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About Andaman and Nicobar Islands


Expansive sandy beaches, a host of water sports and a rich and pristine marine life, the islands of Andaman and Nicobar has all the ingredient to make your holiday a truly exotic one. The Union Territory of India is actually an archipelago of 572 islands. These islands are spread over an area of 700 km. Only 36 islands of the total are inhabited. Hilly landscape and dense growth of evergreen forests cover most part of the Andaman Nicobar Islands. Port Blair is the capital of the Union Territory of Andaman and Nicobar. This group of islands gives travelers an opportunity to escape the hustle and bustle of the city life and reconnect with nature. Adventure tourism in Andaman Nicobar is a major crowd puller. Right from soft adventure to extreme adventure sports, these islands provide opportunities both for novices and the trained.

The ideal time to enjoy your holiday on the islands of Andaman Nicobar is between the months of October and May. However, if you are planning a monsoon holiday, you need to make a visit to these islands between June and September.

Water Sports
When it comes to indulging in exciting water sports, the islands of Andaman and Nicobar never fail to mesmerize holidaymakers. Adventure sports that magnetise tourists most include snorkeling, scuba diving, trekking and camping. As the forests of the Andaman and Nicobar islands abound in ever green forests, great camping opportunities await travelers. Even if you are looking for family camping, these islands wonderful destinations. The crystal clear water, the coconut palms and the mangrove lined creeks add much to the joy of holidaying in Andaman Nicobar islands.

Historical Background
The word Andaman is derived from ‘Hanuman’, a Hindu god, while Nicobar, meaning naked people, has been taken from the Malayalam language. The history of these islands goes back to the Middle Paleolithic, 30,000 to 60,000 years ago. According to the initial historical records, a round 7,000 Andamanese people inhabited the islands. The population of the Great Andamanese reached the point of extinction when settlers from mainland began to arrive on the islands. Other reasons that led to the extinction of the indigenous people were the encroachment of land and the onslaught of various epidemics. Another group of indigenous people that inhabited the islands were the Nicobarese and the Shopmen (inhabiting the Great Nicobar).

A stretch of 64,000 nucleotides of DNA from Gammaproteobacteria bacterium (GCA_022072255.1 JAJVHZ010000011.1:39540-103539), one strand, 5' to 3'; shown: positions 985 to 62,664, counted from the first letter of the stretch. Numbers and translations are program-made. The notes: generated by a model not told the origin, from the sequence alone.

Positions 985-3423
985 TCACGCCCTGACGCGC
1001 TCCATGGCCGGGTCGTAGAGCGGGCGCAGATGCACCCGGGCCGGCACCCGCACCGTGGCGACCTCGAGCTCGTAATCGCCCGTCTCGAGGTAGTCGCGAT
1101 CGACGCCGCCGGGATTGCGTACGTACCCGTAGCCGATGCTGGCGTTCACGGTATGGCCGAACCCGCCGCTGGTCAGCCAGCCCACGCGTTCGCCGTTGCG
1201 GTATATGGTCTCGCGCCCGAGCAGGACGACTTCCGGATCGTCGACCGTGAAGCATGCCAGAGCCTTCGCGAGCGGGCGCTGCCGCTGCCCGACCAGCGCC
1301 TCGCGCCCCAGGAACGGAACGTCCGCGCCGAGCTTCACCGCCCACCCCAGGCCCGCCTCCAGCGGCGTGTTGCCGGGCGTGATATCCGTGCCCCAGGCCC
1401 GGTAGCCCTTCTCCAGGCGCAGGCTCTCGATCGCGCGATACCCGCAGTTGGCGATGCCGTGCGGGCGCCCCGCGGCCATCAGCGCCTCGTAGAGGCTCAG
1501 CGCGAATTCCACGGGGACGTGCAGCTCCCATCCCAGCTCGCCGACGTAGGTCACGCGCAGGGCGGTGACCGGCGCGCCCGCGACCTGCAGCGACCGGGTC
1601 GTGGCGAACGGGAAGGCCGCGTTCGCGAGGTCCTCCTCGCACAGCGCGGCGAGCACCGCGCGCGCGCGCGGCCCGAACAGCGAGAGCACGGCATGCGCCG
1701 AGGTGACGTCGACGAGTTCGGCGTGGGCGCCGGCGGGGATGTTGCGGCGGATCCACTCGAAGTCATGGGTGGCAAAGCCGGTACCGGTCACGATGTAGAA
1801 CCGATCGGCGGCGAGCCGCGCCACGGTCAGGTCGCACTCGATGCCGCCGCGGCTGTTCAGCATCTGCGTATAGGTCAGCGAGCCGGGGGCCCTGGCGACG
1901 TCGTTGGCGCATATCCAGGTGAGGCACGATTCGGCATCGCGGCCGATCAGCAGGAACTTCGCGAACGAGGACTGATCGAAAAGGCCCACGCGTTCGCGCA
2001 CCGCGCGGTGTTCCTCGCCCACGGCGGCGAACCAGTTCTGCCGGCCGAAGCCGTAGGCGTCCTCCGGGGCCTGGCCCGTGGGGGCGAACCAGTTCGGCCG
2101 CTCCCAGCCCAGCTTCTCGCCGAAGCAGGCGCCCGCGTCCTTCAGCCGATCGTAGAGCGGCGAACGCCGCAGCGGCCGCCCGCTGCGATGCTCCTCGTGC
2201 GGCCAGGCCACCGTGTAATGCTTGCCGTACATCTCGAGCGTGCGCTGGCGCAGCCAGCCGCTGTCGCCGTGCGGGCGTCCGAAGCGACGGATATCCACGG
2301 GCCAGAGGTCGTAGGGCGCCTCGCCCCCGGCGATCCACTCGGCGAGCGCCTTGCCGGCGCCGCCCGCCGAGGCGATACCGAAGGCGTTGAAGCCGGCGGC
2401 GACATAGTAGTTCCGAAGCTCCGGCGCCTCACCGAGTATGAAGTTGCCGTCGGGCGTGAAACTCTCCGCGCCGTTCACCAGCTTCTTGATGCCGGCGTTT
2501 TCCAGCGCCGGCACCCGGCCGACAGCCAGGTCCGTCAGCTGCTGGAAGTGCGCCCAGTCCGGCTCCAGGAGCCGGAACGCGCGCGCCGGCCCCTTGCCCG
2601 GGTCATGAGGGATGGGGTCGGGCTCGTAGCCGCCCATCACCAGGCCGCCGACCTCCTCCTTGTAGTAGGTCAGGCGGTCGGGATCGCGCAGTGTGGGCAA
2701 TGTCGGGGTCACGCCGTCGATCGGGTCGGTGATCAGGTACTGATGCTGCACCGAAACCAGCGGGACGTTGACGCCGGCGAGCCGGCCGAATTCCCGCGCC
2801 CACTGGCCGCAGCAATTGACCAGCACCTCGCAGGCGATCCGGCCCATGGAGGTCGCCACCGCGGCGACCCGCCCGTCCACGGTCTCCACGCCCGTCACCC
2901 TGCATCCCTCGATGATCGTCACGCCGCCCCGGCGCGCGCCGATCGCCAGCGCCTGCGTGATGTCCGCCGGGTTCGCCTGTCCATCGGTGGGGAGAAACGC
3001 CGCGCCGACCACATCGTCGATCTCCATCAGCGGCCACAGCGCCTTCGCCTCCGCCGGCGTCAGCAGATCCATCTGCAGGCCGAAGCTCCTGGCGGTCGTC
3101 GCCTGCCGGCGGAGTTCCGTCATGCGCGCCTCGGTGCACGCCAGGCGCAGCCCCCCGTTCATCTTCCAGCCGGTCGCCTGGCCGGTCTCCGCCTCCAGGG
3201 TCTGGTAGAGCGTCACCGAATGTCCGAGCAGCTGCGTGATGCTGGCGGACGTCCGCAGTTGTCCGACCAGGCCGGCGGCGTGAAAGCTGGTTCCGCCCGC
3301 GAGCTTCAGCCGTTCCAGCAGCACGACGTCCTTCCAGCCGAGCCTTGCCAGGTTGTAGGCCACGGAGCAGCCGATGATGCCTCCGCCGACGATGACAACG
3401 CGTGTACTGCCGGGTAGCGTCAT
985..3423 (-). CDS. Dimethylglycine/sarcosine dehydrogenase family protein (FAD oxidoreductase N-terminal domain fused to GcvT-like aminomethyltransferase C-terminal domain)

Agriculture and Industry
Agriculture is done on around 48,675 hectares of land. Those inhabiting the Andaman Islands mostly cultivate paddy while Nicobarese cultivate coconut and arecanut as the major cash crops. Rabi season crops include paddy, pulses and oilseeds. Farmers living in the hilly areas grow fruits like sapota, mango, orange, pineapple and papaya among others.

The islands of Andaman and Nicobar feature numerous small scale handicrafts units. Fish processing, wood carving and shell handicrafts units form the base of the industries in these islands. In addition, the islands have industries like fiber glass, mini flour mills, polythene bags, bakery, furniture, rice mills, beverages etc.

Popular Islands
Much frequented islands in Andaman and Nicobar include Ross Island (one-time seat of the British), Cinque Island (known for water sports) and Havelock Island (features pristine beaches).